July 2018
Volume 59, Issue 9
Open Access
ARVO Annual Meeting Abstract  |   July 2018
Removal of the clock gene Bmal1 from 661W cells affects cell viability and response to oxidative stress
Author Affiliations & Notes
  • Kenkichi Baba
    Morehouse School of Medicine, Atlanta, Georgia, United States
  • Ting-Chung Suen
    Morehouse School of Medicine, Atlanta, Georgia, United States
  • Aida Sanchez-Bretano
    Morehouse School of Medicine, Atlanta, Georgia, United States
  • Jason DeBruyne
    Morehouse School of Medicine, Atlanta, Georgia, United States
  • P. Michael Iuvone
    Emory University Sch of Med, Atlanta, Georgia, United States
  • Gianluca Tosini
    Morehouse School of Medicine, Atlanta, Georgia, United States
Investigative Ophthalmology & Visual Science July 2018, Vol.59, 969. doi:
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      Kenkichi Baba, Ting-Chung Suen, Aida Sanchez-Bretano, Jason DeBruyne, P. Michael Iuvone, Gianluca Tosini; Removal of the clock gene Bmal1 from 661W cells affects cell viability and response to oxidative stress. Invest. Ophthalmol. Vis. Sci. 2018;59(9):969.

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      © ARVO (1962-2015); The Authors (2016-present)

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Abstract

Purpose : Previous studies have indicated that the removal of Bmal1, a key component of the molecular circadian clock in mammals, from the retina alters visual sensitivity and cone photoreceptors development in mice. Additional work has also shown that the removal of Bmal1 from neural retina may affect the viability of cone photoreceptors during aging. We have previously shown that 661W cells (a cone photoreceptor-like cell line) contain a functional circadian clock. The aim of the present study was to generate 661W cells in which the circadian clock was disabled by removal of Bmal1 and to investigate whether Bmal1 removal affects their viability and response to an oxidative stress challenge.

Methods : Bmal1 knock-out 661W cells (661W-BKO) were generated from Per2-luc 661W cell using CRISPR/Cas9 gene editing. Deletion of Bmal1 from 661W was verified with western blot using BMAL1 antibody and by monitoring Per2-luc bioluminescence circadian rhythms using a Lumicycle. To investigate cell viability in 661W, the number of cells in the cultured dish was counted over the course of 10 days using the cell counter. To investigate the effect of Bmal1 removal on an oxidative stress challenge, 661W and 661W-KO cells were treated with hydrogen peroxide (H2O2,1mM) at two time points for two hours (subjective day and night) and then cell viability was assessed.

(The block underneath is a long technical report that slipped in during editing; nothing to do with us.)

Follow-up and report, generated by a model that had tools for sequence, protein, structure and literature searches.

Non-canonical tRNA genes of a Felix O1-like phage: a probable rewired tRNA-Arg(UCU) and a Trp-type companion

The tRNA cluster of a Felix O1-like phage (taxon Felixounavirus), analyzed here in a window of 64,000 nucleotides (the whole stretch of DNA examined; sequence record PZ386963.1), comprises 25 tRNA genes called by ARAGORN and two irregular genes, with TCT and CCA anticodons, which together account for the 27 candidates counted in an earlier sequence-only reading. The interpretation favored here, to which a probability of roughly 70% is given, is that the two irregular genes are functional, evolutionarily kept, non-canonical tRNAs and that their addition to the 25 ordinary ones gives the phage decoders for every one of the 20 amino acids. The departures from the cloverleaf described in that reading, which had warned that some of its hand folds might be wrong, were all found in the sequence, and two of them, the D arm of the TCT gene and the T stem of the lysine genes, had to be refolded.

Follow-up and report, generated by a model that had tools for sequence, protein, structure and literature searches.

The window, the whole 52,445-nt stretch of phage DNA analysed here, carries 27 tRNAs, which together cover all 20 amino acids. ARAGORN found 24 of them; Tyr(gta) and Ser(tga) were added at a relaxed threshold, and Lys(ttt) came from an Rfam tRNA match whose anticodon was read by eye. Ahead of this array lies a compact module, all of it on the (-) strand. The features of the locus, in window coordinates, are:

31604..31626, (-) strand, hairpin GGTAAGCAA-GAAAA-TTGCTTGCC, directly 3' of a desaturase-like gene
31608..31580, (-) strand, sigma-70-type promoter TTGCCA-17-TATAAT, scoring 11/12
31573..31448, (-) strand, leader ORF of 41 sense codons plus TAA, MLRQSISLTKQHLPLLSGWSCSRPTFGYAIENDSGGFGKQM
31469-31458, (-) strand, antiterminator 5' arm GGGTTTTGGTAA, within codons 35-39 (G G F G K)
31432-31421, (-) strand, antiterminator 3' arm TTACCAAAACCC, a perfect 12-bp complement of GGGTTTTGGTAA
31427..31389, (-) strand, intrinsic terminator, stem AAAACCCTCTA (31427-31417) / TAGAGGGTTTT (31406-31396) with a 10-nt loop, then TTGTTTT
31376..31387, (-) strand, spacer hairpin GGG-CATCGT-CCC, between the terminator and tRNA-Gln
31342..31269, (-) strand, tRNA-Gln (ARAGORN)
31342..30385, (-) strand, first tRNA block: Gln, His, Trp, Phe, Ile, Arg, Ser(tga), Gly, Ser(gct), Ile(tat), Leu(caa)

Results : We successfully generated several lines in which BMAL1 was no longer detectable and no circadian rhythm in Per2-luc bioluminescence was observed. Removal of Bmal1 reduced the growth rate of 661W cells. 661W-BKO viability after the oxidative stress challenge was significantly reduced with respect to 661W cells. Interestingly, the survival rate to an oxidative stress challenge in 661W cell showed a circadian response with higher survival during the subjective night. No circadian variation in the response to an oxidative stress challenge was observed in 661W-BKO cells.

Conclusions : We successfully generated in vitro model for the circadian disruption in a cone-like photoreceptor cell line. Our results indicate that removal of Bmal1 from the 661W cells altered the cell growth and sensitivity to the oxidative stress. Thus, 661W-BKO cells may represent a good model to study the mechanisms by which the circadian clock may affect the photoreceptor response to oxidative stress and cell viability.

This is an abstract that was submitted for the 2018 ARVO Annual Meeting, held in Honolulu, Hawaii, April 29 - May 3, 2018.

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